A spy drama with a deadly sequel erupted at the British Columbia Provincial Courthouse in Vancouver at 10 a.m. on October 21st, 1914.

Suddenly a Sikh, Mewa Singh, stepped forward, produced a revolver, and shot William Hopkinson, a Canadian immigration inspector, at point-blank range.

Hopkinson sank to his knees, grabbing his assailant around the thigh, only to receive another bullet in the region of his heart. Then Mewa clubbed the officer over the head with his revolver, dropped it accidentally, picked it up again, and continued clubbing his victim.

Still firing, he jumped in the air and with each shot threw his arms up in a whoop of triumph. Court officials lunged at him and held him down, even though he continued to try to shoot another official.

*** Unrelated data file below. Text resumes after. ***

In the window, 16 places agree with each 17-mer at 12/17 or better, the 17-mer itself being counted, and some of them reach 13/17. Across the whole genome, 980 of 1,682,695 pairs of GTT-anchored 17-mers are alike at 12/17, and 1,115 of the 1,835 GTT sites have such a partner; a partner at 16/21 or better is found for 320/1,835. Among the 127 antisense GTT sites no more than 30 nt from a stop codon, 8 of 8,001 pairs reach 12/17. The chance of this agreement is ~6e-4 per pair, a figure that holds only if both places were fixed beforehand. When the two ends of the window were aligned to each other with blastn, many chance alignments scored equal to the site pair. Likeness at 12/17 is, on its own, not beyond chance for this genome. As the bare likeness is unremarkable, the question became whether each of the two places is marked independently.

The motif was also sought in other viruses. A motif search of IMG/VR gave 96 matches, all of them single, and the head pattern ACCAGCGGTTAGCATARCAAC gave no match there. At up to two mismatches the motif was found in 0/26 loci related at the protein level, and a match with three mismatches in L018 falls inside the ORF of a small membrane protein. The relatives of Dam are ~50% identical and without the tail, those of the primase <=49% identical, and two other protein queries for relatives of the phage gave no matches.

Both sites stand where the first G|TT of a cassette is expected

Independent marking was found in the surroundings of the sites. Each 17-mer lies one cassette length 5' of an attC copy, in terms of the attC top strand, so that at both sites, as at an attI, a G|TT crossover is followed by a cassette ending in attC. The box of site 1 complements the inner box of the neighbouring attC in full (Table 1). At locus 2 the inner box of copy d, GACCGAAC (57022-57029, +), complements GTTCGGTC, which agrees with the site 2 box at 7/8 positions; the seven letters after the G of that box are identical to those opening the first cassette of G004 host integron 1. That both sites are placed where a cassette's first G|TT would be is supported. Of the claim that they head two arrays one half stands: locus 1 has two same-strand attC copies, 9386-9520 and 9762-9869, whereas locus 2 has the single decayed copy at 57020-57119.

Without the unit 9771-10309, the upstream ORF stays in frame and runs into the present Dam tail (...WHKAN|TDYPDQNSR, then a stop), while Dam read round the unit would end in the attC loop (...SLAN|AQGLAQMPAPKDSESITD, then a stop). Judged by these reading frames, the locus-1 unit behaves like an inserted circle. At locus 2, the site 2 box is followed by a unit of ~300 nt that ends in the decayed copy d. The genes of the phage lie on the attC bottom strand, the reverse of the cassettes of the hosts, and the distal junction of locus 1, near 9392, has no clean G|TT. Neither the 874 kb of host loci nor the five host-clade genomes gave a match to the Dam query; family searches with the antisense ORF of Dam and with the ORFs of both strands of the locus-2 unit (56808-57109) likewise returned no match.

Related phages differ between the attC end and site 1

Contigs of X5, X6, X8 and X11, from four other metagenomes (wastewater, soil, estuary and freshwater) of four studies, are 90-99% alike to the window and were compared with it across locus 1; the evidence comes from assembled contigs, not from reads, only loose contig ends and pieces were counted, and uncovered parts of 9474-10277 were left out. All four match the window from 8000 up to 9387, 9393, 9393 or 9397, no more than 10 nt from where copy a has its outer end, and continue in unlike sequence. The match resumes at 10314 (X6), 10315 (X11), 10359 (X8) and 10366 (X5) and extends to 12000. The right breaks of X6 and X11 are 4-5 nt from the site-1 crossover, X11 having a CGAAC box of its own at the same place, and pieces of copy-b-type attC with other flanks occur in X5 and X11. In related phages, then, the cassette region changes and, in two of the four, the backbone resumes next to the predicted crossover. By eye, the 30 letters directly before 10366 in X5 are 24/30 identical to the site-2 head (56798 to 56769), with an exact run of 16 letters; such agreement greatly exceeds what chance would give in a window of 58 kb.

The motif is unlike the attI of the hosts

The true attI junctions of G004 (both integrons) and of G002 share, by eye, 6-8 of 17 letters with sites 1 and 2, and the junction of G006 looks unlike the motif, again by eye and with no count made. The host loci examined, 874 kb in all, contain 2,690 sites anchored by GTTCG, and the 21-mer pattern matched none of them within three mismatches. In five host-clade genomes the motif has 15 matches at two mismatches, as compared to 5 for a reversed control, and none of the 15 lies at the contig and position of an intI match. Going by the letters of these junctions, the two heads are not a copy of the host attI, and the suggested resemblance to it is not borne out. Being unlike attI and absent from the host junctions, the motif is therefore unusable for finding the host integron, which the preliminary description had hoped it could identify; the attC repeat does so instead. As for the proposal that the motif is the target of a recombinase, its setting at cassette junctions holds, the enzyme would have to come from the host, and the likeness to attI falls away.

By the time a doctor arrived, William Hopkinson was dead. Mewa Singh merely said, “I shoot, I go to police station.”

The motive, detectives learned, was that Hopkinson, an Englishman, was in the pay of the British Government as a secret agent controlling a number of “loyal” Sikh agents in Vancouver. Hopkinson wanted these Sikh agents to infiltrate and destabilise the rebellious Sikh community that was seeking independence for India. The Sikh rebels had discovered his plan and regarded him as a spy.

Mewa Singh had no reason to complain about slow justice. He was tried on October 29th, only eight days after the murder; the trial lasted only two hours and the jury convicted him in a mere five minutes. He was hanged on Monday, January 11th, 1915.

After his execution the Sikh community carried his body in procession through Vancouver and at the cremation service he was lauded as a hero.